Pubdate: Fri, 09 May 2003
Source: Addis Tribune (Ethiopia)
Copyright: 2003 Tambek International
Author: Worku A. Woldemichael


Khat (Catha edulis Forsk), or chat in Amharic, has been cultivated and used 
for centuries by the indigenous people in Ethiopia and the surrounding 
countries, including Somalia, Eritrea, Kenya and Yemen. Fresh leaves of 
khat are chewed primarily to attain a state of stimulation and euphoria. 
For the majority of these people, the use of khat is an established 
cultural tradition for a variety of social situations. In these countries, 
the consumption and trading of khat are legal in most cases.

Due to adverse political, social and economic factors, the cultivation and 
use of khat in Ethiopia have increased significantly in recent years.

Ethiopia being a major khat-producing country, it is believed that this has 
contributed to the recently observed greater use of the shrub worldwide. 
With the influx of immigrants from the East African and Arabian Peninsula 
countries and increased production of khat by Ethiopian farmers, the 
prevalence of utilization of khat in the US has increased in the past 
several years.

However, the shrub has been seen in cities like Detroit, Dallas, New York, 
Boston, Minneapolis and Portland since the 1980s. It is smuggled from the 
places of its natural habitat to be used by individuals of East African and 
Arabian descent.

Khat is illegal in the US, and this has been so since 1993. This implies 
that anybody possessing khat more than the permitted limit will be 
considered breaking the law that bans possession of cathinone, the key 
ingredient in fresh khat leaves.

It, however, appears that most users of khat in this country are unaware of 
this law or are not serious about it.

This is indicated by the fact that in some US cities the herb is known to 
be openly advertised in grocery stores and restaurants. Many users also 
openly admit to the police their use of khat and unawareness of the law 
prohibiting it. Whatever the case may be, reports repeatedly show that 
those who violated the "khat law" have not been excused from being 
prosecuted. For instance, khat-related charges were filed against 10-20 
Somali immigrants in 1991 in Minneapolis area. A khat-smuggler was also 
sentenced in January 2001 to an eight-month prison term after US Custom 
officials caught him at Dallas airport with two suitcases stuffed with 
khat. While US customs inspectors seized more than 17,000 pounds of khat 
leaves in 1991 at Newark airport, this has doubled over thre past thee 
years. It has been learnt that, currently, many khat smuggling 
investigations are going on. There are also a number of pending court cases 
related to khat.

At this juncture, it is appropriate to point out how khat and related 
substances are regulated in the US. Khat is one of the five pharmacological 
classes of drugs regulated by the Controlled Substances Act (CSA). These 
classes are narcotics, depressants, stimulants, hallucinogens, and anabolic 
steroids. Each class has distinguishing properties, and drugs within each 
class often produce similar effects.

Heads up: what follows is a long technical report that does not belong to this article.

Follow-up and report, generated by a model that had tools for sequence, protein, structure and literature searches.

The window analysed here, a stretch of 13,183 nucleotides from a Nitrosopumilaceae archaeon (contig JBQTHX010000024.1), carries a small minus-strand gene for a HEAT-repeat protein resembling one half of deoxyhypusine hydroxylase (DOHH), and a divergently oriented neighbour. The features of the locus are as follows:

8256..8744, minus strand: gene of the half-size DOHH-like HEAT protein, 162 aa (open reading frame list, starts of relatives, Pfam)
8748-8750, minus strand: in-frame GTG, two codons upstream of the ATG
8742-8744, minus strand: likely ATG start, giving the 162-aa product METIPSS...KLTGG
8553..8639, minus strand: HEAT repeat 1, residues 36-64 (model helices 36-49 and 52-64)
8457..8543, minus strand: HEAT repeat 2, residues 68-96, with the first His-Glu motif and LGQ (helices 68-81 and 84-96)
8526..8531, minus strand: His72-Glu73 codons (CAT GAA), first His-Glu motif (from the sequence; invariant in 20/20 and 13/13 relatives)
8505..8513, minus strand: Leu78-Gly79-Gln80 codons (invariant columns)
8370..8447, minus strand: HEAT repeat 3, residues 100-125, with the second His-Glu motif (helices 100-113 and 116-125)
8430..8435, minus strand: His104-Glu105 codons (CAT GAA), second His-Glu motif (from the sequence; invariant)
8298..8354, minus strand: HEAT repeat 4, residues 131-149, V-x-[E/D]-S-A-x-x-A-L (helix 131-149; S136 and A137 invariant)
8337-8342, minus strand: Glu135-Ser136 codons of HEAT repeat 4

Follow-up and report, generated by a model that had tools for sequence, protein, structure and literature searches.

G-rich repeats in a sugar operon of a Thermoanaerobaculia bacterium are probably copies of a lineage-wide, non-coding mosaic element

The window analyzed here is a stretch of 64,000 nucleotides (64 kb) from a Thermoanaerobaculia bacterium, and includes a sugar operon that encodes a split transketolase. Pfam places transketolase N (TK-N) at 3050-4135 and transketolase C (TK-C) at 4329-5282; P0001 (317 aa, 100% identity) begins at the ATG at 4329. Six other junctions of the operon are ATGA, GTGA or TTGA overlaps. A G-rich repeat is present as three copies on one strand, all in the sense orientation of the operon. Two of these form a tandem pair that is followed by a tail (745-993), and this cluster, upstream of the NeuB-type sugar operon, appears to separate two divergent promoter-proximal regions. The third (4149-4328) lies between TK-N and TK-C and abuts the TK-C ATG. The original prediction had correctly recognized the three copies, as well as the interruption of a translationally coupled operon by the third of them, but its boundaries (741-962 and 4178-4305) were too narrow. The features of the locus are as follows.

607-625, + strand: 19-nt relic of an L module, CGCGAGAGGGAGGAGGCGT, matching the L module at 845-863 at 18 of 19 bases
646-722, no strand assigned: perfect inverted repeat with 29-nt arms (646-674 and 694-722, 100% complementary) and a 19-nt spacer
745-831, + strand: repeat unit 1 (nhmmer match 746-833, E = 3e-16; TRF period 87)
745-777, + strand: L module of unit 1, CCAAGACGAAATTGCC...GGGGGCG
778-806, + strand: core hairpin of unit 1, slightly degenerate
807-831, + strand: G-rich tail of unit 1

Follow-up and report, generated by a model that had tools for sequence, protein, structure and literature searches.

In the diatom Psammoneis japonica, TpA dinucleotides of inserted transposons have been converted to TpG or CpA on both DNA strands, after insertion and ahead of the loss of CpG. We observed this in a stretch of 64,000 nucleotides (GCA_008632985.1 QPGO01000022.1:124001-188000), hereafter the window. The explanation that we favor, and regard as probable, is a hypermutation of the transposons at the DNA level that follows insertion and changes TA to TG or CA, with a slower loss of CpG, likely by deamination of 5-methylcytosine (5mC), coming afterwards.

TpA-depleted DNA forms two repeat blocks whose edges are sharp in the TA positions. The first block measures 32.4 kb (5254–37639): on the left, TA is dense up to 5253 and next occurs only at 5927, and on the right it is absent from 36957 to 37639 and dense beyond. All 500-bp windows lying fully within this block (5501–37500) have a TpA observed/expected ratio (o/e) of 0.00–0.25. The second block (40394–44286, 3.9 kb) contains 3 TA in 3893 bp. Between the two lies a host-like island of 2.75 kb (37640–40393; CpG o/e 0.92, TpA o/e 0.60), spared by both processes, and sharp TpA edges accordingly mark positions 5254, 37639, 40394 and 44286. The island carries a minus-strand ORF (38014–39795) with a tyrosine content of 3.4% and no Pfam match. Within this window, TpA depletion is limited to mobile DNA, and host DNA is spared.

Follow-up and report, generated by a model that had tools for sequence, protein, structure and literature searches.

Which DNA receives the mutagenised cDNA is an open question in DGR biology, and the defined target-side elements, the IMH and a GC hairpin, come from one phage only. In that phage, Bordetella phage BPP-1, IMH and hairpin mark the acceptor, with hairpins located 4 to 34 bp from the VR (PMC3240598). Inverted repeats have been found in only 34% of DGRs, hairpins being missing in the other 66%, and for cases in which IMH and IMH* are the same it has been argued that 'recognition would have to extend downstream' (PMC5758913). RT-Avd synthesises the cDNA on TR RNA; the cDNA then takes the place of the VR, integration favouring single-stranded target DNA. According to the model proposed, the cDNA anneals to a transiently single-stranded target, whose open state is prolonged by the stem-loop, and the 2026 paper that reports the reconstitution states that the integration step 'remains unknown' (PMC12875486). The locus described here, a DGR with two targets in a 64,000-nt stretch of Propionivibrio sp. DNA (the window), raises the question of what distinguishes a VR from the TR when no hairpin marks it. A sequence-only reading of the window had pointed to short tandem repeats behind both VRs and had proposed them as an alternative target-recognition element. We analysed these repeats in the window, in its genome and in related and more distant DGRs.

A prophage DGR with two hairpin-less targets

Khat belongs to the "stimulants class", which also includes the 
amphetamines, cocaine, nicotine and caffeine. However, all controlled 
substances, regardless of class, share a number of common features, which 
find useful application for control of use or abuse.

Based upon their potential for abuse, the above classes of drugs are 
grouped into five schedules by the CSA. Schedule I drugs are those with 
high potential for abuse and do not have currently accepted medical use. 
There is a lack of accepted safety for use of these drugs under medical 
supervision. The CSA has grouped cathinone (that is, the main active 
ingredient in fresh khat leaves) as a Schedule I drug. Other Schedule I 
substances include heroin, LSD, marijuana, and methaquualone. Schedule II 
drugs are also those with high potential for abuse but have currently 
accepted medical use. They include morphine, PCP, cocaine, methadone, and 

The drugs in Schedule III have also the potential for abuse but less than 
the drugs in Schedules I and II. These substances have currently accepted 
medical use. Examples are anabolic steroids, codeine hydrocodone and some 
barbiturates. Schedule IV drugs have low potential for abuse and have 
currently accepted medical use. Abuse of these drugs may lead to limited 
physical dependence or psychological dependence. Cathine 
(norpseudoephedrine), the other component of khat leaves, belongs to this 
group. Other Schedule IV drugs include Darvon, Talwin, Equanil, Valium, and 
Xanax. The drugs in Schedule V have lower potential for abuse relative to 
all others.

They also have currently accepted medical use. Over-the-counter cough 
medicines with codeine are classified in Schedule V. Therefore, cathinone, 
being a Schedule I substance, is prohibited from being used in the US by 
the CSA in any kind of form including in the form of khat leaves. Doing 
otherwise would be considered violation of the law which may result in 
prosecution. Khat consumers, smugglers and distributors are expected to be 
aware of this law and be responsible for their action.

On the other hand, cathine, a Schedule IV substance, is not prohibited from 
being used. However, compared to cathinone, it is much less effective as a 
stimulant but more stable chemically. As khat leaves mature or dry, 
cathinone is converted to cathine, making the khat leaves less potent.
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MAP posted-by: Larry Stevens